• But be careful about over-emphasing the importance of time spent failing. Al la 37signals' advice: it's much better to spend time learning from success. If you're failing too much, then *stop*. – Dogweather 3 years ago
  • @Dogweather, I agree. Failing is not a good thing, but once it's happened, you should make the most of a bad situation and learn all the lessons you can from it. – rbwhitaker 3 years ago
Add Comment

2

I see generating no (or not enough) revenue as key problem.
I like to keep things simple.

As long as revenue remains low, problems will keep coming. As soon as it takes off, problems will get solved. So I would concentrate on the question:

  • Why is the revenue low?
Which leads to the next questions:

  • Have you identified potential customers and tested your product with them?
  • If yes, do you understand why they are not paying for it?
  • Have you tried to change your product to suit their needs?

Very basic questions but I don't see them covered in the question asked.

answered Nov 19 '13 at 23:18
Blank
Dmitri Zaitsev
181 points

2

This one is tough to answer, but I cannot not try to give it a shot.

The job option

If money is a problem, definitely, get a job. Think of it as temporary. Who knows where that might take you anyway. If that means putting the project aside for six months (or whatever), don't think twice about it. By the sounds of it I think you and your partner need a break.

There's one great thing about your resume that most people don't have: you've been coding for two years almost every day. You've probably also designed screens, workflows, data models, an architecture. You might have implemented some build scripts, test scripts. You've helped design a product. Thought about how to get it out there. All that stuff that big companies have teams of people do.

Compare that to a regular 9-5 job:

  • Sticox works an average of 13.5 hours x 6 days per week = 78 h/week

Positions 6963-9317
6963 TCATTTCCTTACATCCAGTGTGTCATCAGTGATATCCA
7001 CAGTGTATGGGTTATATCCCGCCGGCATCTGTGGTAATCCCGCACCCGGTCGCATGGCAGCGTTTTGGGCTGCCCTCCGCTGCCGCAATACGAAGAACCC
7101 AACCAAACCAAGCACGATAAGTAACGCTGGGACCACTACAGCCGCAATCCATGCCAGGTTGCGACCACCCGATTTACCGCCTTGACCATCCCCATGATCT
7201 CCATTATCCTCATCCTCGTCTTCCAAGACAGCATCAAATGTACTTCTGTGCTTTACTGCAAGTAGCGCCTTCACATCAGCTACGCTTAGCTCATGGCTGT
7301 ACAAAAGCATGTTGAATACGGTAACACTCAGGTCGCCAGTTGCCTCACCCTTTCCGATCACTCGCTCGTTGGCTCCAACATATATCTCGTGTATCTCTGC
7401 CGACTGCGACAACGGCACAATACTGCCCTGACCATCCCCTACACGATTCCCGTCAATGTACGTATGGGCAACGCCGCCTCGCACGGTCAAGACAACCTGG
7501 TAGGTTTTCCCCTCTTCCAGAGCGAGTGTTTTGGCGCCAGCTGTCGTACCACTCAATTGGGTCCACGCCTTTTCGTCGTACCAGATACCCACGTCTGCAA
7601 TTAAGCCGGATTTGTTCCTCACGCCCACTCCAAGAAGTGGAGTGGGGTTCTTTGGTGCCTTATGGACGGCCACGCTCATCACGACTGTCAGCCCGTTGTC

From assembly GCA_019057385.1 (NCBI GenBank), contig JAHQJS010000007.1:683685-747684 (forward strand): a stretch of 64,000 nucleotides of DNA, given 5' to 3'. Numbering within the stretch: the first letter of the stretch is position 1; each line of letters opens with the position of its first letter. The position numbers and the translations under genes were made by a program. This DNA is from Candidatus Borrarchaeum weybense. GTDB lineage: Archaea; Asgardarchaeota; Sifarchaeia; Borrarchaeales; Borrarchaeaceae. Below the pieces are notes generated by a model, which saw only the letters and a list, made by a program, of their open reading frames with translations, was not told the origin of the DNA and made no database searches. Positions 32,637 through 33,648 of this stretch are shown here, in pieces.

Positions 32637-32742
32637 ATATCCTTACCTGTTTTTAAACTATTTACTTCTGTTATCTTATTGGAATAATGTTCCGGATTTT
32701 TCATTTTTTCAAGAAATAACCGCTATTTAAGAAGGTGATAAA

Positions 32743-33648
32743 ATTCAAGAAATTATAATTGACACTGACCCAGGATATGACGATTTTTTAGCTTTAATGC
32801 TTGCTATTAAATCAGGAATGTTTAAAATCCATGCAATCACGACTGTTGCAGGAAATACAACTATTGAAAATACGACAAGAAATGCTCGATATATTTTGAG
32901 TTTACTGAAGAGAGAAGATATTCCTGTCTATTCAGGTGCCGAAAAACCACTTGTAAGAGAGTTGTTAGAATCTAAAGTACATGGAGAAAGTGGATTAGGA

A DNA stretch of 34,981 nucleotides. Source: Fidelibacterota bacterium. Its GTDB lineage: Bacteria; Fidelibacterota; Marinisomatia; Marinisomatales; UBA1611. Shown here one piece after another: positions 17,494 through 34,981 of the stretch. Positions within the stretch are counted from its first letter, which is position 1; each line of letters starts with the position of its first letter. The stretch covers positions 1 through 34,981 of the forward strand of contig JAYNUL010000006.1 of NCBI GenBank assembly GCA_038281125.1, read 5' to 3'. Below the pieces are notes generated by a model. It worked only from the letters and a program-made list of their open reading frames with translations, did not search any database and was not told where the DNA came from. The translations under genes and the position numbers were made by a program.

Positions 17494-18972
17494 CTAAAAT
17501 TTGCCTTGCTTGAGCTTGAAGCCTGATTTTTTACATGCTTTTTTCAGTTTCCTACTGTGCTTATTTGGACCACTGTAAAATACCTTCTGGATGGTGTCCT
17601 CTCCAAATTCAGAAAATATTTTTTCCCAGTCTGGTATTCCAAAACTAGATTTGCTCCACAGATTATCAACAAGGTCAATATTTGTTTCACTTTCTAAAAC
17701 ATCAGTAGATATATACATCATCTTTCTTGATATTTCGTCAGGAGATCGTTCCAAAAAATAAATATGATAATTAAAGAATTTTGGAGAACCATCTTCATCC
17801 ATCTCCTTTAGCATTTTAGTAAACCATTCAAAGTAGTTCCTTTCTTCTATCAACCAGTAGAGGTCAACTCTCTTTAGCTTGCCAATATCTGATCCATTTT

• A person working a regular job works 8 hours x 5 days per week = 40 h/week

You've worked about twice the amount in the same time, and likely it's more interesting work too. And I bet that in your "time off" all you think and talk about is your company and ideas for your company.

Even if working for someone else sucks, there is one great thing about it: somebody else makes the decisions for you, which when I've been down has always sounded like a bit of a holiday.

Other tips

Definitely check out things that generally help in these situations. Small wins, etc. Talk to a professional (a shrink). Talk to someone that's been through something similar.

Check out this video, maybe it can help:

http://businessofsoftware.org/2013/11/developers-entrepreneurs-depression-a-wonderful-talk-at-business-of-software-conference/ Do something other than work every day. Watch a shitty comedy. Go to a meetup just to listen and learn something new. Call an old friend. Apparently physical exercise helps a lot (because of the endorphins).

Eating well is supposed to be good (but it may not be very easy).

My experience

I've been through a similar situation. I would "see the light" one day and realise that I've wasted over a year's work on something that obviously nobody wants because it doesn't serve a need. The next day I would "see the light" again and come to the opposite conclusion. It didn't help when I heard of some projects with overnight success, and others that took years to take shape: I couldn't decide when it was time for me to call it quits. And there was always the option to pivot, to go work with a competitor, to work anywhere else... to do nothing. I never cried myself to sleep but for a period I did wake up not wanting to get out of bed.

Why would you not want to take a break from your project? Because your idea is too good to let it go, because someone else is going to beat you to market, and so on.

A thing that helped me relax was when I read that the first to market apparently aren't the ones that succeed in the long term:

http://steveblank.com/2010/10/04/why-pioneers-are-the-ones-with-the-arrows-in-their-backs/ After reading that I could breathe. It served as an excuse to quit panicking.

Why would you "lease" the company out? Is it not possible to hit "pause" while you're away? If you do let someone else take over, doesn't that bring up a whole lot of legal issues that are a pain in the neck to deal with? Can you really let go 100% while others take over? Are you going to be able to find someone to take over with the same level of commitment and returns?